ONS figures for Aug-Oct 2011
- Unemployment is 2.64 million (8.3%) up 128 000, the highest since 1994 •
- Youth unemployment (including 300 000 students looking for part-time work) is 1,027,000, up 54,000 on the quarter at 22% (14% of the youth population)
- Youth unemployment (for those not in full-time education) is 17% – up 21 000 (3%) on the quarter and 10 % of the youth population
- 600 000 16-24 year olds not in full-time education remain ‘economically inactive’
As the joblessness figure continues to rise, neither of the ‘alternatives’ coming out of the European summit last week, would appear to offer much Christmas cheer. Firstly, there is the Markel/Sarkozy invitation to sign up to a new ‘fiscal pact’ ensuring years of austerity and mass unemployment across Europe. Secondly there is Cameron’s ‘casino economy’ – where we forget any idea of ‘rebalancing’ (manufacturing output and levels of confidence have fallen again despite a ‘march of the makers’) and rely on the City and financial services industry to protect the ‘national interest’.
City leaders rushed to support Cameron last weekend – trumpeting the importance of the financial sector for growth, jobs and future economic welfare. Unfortunately, the figures do not support their arguments. Financial Services makes up 10% of GNP, still a smaller contribution than Britain’s clapped out manufacturing industries, but employs just over a million people; compared with over 2 million in manufacturing.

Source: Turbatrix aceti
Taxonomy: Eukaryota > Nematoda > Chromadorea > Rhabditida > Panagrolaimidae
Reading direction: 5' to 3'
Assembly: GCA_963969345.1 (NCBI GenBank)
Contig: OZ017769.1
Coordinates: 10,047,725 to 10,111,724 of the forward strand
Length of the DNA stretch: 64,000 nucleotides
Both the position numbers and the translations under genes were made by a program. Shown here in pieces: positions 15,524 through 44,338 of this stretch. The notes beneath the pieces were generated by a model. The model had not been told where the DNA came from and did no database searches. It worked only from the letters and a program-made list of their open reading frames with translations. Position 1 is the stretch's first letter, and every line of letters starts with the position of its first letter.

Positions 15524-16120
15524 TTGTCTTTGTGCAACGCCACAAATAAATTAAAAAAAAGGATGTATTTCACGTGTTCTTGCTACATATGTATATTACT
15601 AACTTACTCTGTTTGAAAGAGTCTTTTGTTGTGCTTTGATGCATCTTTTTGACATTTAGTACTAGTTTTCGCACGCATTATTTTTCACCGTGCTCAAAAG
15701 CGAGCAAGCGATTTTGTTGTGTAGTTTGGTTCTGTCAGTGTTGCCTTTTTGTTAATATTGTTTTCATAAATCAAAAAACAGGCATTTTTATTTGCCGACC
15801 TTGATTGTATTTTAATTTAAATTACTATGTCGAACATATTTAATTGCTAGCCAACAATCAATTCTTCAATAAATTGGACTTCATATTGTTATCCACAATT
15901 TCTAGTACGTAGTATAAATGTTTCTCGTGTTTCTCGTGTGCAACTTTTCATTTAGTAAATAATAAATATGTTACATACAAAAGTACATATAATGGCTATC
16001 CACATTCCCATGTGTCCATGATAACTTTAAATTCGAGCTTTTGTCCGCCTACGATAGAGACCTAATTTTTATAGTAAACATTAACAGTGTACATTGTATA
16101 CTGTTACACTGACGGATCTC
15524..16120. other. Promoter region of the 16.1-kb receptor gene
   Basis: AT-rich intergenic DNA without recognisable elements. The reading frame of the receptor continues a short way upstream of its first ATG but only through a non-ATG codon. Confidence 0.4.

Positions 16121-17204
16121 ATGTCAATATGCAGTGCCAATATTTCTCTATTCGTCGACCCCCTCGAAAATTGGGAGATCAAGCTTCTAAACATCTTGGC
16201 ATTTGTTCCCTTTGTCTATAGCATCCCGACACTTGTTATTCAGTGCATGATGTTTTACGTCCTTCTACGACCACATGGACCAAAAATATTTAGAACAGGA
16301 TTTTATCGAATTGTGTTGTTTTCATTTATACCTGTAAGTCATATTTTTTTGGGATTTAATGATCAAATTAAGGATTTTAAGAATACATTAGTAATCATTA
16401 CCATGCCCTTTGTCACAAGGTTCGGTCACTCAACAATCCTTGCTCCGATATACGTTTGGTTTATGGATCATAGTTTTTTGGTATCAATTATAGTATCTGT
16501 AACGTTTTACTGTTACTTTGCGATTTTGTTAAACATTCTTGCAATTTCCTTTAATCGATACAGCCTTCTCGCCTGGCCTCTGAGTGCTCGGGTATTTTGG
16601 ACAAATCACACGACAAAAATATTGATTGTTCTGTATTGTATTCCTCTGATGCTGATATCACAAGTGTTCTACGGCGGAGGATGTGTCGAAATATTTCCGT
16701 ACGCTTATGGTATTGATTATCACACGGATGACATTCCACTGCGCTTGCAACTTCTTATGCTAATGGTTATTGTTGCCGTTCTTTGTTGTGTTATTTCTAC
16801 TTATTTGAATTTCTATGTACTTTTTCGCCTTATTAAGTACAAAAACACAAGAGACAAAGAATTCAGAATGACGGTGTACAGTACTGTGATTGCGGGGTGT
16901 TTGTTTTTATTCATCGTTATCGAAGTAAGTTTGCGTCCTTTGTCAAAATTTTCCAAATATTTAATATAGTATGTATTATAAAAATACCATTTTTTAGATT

Over a quarter of those employed are in the City or in its Canary Wharf overspill. Even though the sector is considered to be a ‘high skills’ and ‘high earner’ less than 40% of the workforce could be considered to be in senior managers /officials or ‘professional ‘ – over a third work in ‘secretarial, administrative and sales’.
While ‘average’ salaries in London – where two thirds of the workforce are male and 50% under 35 – are about £85000, the pay of top individuals is well known. London can be contrasted with those employed in financial services in the North-East, where average pay is in the region of £27000 and where half of the workforce is over 35 and two thirds female. (FSSC AACS LMI report, Jun 2010)
The UK financial services industry, has been hit by the economic downturn of 2008 – to which it was an important contributor. As a result there has been a 5% decline in employee numbers. Industry pundits predict a pick up, but with the UK and Europe sliding into recession, this cannot be assumed. At least being out of the Euro strait-jacket however, allows a real ‘alternative’ government to promote prosperity through public spending, public investment, to plan for ‘green’ jobs and to redistribute income. Somewhat Ironically Cameron, as Larry Elliot, the Guardian’s economics editor commented (12/12/11) has made the right decision; but has done so for the wrong reasons.
Coalition policies have also meant that, rather than providing the foundation for future economic prosperity, employment in the public sector continues to fall – 375 000 jobs disappearing since the election.